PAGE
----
The UK Parliament has used little powers to engage in confidential documents related to the Cambridge Analytica interview.
In May this year, the UK government requested the presence of Mark Zuckerberg at the hearing to address scandal-related issues, where up to 87 million users were not misunderstood with voter profiling companies.
It was originally estimated that over one million UK users were affected.
Although Facebook's CEO participated in the consultation of the US Congress, the British MEPs meeting seemed to be small, and Zuckerberg ignored the invitation.
At that time, we said that such a request could have adverse consequences in the future – and it seems that this forecast has now come to fruition.
As the Guardian first reported, the British Parliament has now confiscated the confidential documents relating to Cambridge Analytica.
The cache for internal documents, which includes information on data protection and data management, as well as private businesses run by Facebook and Zuckerberg, is now owned by the UK Government.
The publication says that the conservative MP and Digital Media, Culture and Sport (DCMS), Damian Collins, called parliamentary powers to send a military team – responsible for maintaining order in the community – to a hotel where founder Six4Three stayed on a London trip.
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The founder of the US company was required to hand over the documents, but this request was ignored. However, when a representative of the armed forces appeared, the leader was given a two-hour deadline and a final warning.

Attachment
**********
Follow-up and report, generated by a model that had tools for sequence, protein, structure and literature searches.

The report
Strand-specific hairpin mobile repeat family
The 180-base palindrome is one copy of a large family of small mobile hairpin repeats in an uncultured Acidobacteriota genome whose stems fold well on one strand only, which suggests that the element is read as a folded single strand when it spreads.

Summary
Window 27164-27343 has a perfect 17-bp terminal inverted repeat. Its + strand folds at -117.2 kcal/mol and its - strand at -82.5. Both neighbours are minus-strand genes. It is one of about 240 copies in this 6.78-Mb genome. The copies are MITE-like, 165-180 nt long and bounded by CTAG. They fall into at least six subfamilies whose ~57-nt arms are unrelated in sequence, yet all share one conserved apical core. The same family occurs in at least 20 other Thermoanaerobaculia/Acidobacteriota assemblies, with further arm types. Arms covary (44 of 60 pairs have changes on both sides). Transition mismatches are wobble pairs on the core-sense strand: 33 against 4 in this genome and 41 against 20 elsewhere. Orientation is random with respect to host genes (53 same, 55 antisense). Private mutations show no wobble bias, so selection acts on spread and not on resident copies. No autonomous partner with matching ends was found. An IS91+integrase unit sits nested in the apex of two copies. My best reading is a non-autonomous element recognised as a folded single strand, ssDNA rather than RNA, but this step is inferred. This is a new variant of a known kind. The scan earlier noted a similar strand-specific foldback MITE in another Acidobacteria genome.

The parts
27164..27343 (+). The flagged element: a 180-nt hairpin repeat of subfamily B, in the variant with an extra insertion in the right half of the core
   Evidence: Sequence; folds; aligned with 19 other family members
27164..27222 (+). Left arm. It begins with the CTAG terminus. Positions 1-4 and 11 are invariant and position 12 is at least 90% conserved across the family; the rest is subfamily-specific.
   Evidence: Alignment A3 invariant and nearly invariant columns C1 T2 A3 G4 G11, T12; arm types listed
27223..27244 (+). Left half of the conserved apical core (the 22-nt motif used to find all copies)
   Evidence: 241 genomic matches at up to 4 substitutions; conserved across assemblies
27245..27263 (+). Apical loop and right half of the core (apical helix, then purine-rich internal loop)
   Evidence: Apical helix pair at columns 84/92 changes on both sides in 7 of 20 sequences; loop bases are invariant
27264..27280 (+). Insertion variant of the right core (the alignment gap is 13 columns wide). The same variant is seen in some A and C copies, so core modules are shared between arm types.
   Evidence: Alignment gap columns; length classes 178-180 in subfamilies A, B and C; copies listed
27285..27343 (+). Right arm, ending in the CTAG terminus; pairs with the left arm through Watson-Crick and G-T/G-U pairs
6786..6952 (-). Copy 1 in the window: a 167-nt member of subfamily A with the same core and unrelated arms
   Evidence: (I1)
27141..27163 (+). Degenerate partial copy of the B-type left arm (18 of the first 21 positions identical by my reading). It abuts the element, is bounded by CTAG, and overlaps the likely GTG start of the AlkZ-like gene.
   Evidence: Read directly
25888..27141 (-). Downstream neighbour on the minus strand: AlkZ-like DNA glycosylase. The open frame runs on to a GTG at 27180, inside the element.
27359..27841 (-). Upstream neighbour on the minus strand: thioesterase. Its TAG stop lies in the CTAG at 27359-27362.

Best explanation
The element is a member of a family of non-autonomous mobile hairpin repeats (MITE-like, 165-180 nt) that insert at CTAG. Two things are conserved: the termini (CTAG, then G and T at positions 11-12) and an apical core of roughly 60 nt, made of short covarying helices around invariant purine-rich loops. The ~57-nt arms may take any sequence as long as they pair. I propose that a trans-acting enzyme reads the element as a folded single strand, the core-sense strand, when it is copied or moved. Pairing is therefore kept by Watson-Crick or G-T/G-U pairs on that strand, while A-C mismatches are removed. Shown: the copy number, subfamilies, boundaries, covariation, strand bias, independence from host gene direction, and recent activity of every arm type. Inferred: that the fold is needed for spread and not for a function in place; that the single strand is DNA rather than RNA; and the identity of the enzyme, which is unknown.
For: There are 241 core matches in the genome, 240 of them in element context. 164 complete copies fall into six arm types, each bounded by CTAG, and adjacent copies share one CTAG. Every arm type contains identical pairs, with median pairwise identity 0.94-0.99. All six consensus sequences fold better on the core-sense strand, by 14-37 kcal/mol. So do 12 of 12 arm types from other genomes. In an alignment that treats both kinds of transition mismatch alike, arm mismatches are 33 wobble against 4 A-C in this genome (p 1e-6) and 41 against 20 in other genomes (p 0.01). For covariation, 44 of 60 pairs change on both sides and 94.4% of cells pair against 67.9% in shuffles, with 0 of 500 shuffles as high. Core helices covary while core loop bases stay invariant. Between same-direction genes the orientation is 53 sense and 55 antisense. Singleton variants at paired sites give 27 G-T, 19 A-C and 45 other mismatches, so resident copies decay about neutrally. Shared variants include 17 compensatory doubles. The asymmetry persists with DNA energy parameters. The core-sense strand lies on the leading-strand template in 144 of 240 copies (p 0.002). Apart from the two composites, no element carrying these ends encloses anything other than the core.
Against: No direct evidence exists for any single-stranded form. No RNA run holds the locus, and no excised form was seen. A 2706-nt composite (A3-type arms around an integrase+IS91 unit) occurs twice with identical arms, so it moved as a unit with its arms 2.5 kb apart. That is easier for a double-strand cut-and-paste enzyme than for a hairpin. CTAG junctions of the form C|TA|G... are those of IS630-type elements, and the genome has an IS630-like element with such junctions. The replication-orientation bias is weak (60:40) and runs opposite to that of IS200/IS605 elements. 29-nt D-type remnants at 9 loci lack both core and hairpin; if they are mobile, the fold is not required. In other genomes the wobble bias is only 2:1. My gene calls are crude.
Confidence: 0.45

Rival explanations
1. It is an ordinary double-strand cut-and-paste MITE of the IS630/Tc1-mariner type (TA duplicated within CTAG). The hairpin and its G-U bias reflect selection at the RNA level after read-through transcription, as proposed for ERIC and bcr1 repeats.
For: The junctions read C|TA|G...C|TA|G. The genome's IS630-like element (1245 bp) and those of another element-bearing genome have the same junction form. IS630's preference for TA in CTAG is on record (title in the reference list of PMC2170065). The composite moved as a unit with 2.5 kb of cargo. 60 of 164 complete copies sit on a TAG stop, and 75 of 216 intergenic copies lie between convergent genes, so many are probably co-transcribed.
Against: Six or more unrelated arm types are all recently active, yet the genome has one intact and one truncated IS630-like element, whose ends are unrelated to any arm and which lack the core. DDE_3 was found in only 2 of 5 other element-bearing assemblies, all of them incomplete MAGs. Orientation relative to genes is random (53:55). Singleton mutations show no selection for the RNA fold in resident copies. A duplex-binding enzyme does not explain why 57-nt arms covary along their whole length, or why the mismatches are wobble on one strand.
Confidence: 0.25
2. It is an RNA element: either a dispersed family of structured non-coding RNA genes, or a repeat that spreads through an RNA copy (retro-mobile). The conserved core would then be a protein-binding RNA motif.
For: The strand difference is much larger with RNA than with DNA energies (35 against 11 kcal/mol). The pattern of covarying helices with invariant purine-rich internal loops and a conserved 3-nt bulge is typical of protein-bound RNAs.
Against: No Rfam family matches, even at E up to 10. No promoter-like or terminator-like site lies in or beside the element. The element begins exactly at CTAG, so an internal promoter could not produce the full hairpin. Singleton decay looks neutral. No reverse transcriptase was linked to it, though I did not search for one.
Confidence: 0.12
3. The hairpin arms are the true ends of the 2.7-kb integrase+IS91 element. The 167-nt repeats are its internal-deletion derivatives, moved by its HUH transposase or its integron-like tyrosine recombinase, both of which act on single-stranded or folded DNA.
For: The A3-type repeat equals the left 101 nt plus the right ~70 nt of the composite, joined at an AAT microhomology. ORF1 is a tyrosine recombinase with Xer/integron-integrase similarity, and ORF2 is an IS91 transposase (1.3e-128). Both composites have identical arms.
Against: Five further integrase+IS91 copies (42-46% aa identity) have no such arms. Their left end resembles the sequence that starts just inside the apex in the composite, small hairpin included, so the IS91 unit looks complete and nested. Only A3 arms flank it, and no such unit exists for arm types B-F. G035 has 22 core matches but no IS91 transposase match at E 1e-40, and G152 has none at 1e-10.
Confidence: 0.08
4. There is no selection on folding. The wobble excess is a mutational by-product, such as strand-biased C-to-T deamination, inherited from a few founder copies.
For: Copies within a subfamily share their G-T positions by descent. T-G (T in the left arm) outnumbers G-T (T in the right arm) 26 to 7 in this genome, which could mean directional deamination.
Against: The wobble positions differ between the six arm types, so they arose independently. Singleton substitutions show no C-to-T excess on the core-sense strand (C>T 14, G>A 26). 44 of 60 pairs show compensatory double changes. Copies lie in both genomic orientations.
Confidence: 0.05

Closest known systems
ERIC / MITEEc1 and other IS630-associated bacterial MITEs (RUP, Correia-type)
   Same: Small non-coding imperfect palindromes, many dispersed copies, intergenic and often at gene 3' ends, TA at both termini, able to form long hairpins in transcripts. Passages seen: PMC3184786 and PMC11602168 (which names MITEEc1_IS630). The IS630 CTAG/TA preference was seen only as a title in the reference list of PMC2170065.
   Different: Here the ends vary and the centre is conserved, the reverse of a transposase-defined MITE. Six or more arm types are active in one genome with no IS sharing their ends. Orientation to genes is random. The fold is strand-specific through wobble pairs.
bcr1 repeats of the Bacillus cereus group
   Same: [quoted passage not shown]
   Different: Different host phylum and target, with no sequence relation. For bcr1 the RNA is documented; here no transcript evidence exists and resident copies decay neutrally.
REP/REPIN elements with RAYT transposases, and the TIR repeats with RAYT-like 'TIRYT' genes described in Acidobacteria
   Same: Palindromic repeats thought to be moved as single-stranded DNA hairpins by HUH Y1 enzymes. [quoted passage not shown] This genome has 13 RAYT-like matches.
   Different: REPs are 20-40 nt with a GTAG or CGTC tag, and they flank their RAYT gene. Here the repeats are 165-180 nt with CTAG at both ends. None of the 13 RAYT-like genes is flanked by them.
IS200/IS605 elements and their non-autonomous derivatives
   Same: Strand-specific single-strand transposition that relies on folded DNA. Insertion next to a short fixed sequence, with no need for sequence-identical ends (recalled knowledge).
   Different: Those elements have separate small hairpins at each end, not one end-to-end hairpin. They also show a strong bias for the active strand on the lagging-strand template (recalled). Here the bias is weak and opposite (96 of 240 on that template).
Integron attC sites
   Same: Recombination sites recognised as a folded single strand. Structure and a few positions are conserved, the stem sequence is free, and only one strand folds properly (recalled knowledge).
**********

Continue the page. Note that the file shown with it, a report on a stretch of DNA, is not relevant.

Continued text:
Guardian says the founder then followed the parliament and told that fines and prison time could be his future if he still opposed. The documents then came in the government's possession.
Collins said that "we have not received any responses from Facebook and we believe that the documents contain very large public interest information."
Facebook has called for data cache to be restored. The documents originally came from a legal finding in the United States, where Six4Three and Facebook are participating in court proceedings in California. Six4Three argues that Facebook has completely ignored the privacy of the user, broke the trust, and also used illegal tactics to strengthen its market position.
Facebook, for its part, says that the arguments "are not merit, and we will continue to strongly defend."
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"The material received by the DCMS committee is subject to the Sanoma superstitious protection provision, which limits their disclosure," the Facebook spokesman said. "We have asked the DCMS Committee to refrain from reviewing them and returning them as a counselor or Facebook. We have no other comments."
In short, the MP stated that, even if the documents were sealed in the United States, the United Kingdom Government has the right to publish them in the parliamentary interest.
The British Information Commissioner (ICO) fined Facebook for £ 500,000 over the Cambridge Analytica fiasco, fine by the social media giant intends to appeal.
Although the UK Government and Facebook are still in conflict, the latter is also linked to another political question across the globe.
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Facebook, together with Twitter and other technology companies, are fighting against the new legislation that the Australian Government introduced in October and which companies claim to extend the site-block rules of piracy "far beyond reasonable limits".
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